Off-Label Use of Hospira Potassium Phosphate Injections On Infants Carries Aluminum Toxicity Risks: FDA Warns

Infants are likely getting potassium phosphate from other nutritional sources, raising the risk of aluminum toxicity if given the injections off-label

Federal drug regulators are warning doctors and pharmacists to avoid using potassium phosphate injections manufactured by Hospira as an off-label treatment for children, because it can lead to unsafe levels of aluminum.

The U.S. Food and Drug Administration (FDA) issued a drug safety statement February 9, indicating that use of the Hospira potassium phosphate drug among pediatric patients may pose aluminum toxicity risks, and result in serious side effects.

Potassium phosphate injections are phosphorus replacement products used to treat or prevent hypophosphatemia. However, the drug is also often used off-label as a parenteral drug for children, which means it is administered outside of the digestive tract, such as through intravenous injection or intramuscular injection, for pediatric patients who cannot eat or drink.

While drug manufacturers are prohibited from marketing drugs for off-label uses that are not by the FDA, doctors are allowed to prescribe medications to patients for whatever reason they wish unless they are specifically contraindicated by the agency for that use.

The FDA now warns using Hospira’s product can lead to unsafe levels of aluminum in children, which can result in daily aluminum exposure of up to two times the amount approved by the FDA for parenteral nutrition.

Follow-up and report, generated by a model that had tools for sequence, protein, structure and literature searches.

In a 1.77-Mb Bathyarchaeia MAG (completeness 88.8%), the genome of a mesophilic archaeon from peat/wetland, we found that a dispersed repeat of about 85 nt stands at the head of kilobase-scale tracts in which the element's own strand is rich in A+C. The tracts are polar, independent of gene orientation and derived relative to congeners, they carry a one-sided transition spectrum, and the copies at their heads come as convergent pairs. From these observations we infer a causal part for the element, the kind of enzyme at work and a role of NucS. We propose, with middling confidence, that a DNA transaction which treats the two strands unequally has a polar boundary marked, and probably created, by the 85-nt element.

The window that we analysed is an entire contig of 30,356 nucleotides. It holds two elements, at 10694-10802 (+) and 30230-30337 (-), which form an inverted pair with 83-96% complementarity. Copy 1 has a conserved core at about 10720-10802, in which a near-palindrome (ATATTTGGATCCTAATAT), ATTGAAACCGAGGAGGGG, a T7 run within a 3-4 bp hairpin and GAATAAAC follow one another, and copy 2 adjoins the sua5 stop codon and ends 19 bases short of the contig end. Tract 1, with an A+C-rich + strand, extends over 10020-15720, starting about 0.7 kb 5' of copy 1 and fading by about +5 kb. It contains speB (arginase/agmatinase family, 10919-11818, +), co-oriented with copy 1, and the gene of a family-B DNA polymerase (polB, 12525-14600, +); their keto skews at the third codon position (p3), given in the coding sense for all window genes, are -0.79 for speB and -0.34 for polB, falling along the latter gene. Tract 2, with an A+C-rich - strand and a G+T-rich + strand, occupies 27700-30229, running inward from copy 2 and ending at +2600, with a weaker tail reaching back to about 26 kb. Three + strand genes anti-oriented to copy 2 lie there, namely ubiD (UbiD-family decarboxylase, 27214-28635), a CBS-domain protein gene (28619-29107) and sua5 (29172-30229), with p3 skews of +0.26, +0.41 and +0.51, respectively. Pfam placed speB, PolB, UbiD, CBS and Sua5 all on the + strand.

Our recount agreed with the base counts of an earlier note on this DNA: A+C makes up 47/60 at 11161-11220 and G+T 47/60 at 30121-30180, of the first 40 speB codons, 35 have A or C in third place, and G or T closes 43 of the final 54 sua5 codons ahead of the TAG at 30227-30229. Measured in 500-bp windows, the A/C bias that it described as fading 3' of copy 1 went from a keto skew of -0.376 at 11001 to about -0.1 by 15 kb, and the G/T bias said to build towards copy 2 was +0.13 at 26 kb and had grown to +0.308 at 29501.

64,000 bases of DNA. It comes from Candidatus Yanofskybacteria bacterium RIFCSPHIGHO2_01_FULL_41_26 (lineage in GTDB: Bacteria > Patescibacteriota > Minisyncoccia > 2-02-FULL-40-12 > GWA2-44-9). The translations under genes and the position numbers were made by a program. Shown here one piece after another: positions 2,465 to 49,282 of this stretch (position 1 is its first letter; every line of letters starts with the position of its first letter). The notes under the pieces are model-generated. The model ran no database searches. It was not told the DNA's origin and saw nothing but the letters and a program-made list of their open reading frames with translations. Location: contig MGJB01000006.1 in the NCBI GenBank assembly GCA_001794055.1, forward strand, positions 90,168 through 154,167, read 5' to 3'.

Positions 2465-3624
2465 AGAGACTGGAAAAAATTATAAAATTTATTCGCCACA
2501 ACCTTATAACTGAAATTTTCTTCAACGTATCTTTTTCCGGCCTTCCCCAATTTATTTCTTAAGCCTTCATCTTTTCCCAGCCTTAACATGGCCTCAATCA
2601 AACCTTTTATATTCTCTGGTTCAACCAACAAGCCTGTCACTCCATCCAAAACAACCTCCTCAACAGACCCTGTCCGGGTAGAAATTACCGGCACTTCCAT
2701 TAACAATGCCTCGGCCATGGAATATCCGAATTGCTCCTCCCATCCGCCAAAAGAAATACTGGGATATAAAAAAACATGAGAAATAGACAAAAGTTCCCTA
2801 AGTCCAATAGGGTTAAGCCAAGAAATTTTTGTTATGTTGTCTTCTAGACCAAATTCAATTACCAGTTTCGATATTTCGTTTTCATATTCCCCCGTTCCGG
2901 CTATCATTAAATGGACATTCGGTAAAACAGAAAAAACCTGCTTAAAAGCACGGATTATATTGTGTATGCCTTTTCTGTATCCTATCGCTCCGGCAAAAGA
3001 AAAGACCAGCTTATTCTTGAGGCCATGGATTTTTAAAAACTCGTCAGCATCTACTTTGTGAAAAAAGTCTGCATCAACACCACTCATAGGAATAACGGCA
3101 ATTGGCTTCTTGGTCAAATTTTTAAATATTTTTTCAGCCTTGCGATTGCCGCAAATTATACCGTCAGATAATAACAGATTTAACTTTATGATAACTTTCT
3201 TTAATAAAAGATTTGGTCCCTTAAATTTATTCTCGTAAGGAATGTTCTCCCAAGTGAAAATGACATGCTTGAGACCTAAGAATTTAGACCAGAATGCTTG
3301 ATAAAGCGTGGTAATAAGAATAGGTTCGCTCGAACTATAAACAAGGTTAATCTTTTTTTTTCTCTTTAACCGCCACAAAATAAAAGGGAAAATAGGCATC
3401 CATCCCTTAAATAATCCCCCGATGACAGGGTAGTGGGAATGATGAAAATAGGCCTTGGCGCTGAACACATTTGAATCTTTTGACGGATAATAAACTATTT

The agency indicates doctors should expect pediatric patients to have aluminum exposure from other components of parenteral nutrition, so taking the Hospira product in addition to other necessary medications can lead to extremely high levels of aluminum in the body.

Doctors Should Rely on Approved Potassium Phosphate Products, FDA Warns

Instead of Hospira’s product, healthcare providers should use FDA-approved potassium phosphate injection products, the agency urged. Approved products have an aluminum content level considered acceptable for each patient based on age, weight, use of other medications, and recommended dose of phosphorus.

Products approved and considered appropriate include potassium phosphate products by Fresenius Kabi, which is approved for all ages, and CMP Development, which is approved for pediatric patients 12 years old and older who weigh at least 40 kg, and adults who weigh at least 45 kg. These approved products provide detailed dosing instructions for preparation and administration to minimize the risk of aluminum toxicity to children, the FDA notes.

Aluminum Toxicity Risks

Patients who are on extended courses of parenteral nutrition face the highest risk of exposure to unsafe or toxic levels of aluminum.

Exposure to unsafe levels of aluminum can lead to softening of the bones, reduced bone mineralization, neurological dysfunction, microcytic hypochromic anemia, and reduced stoppage of bile flow.

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These conditions can lead to serious side effects, especially among pediatric patients. The FDA warning did not indicate if any children had suffered side effects or to what degree as a result of the problem with the Hospira product.

The FDA recently issued draft guidance for appropriate aluminum limits in parenteral drugs. The guidance indicated aluminum limits should not exceed 5 mcg/kg/day.

Additionally, the FDA requested manufacturers revise drug labeling for any unapproved potassium phosphate product to indicate that it is not recommended for pediatric patients because of the risk of aluminum toxicity.


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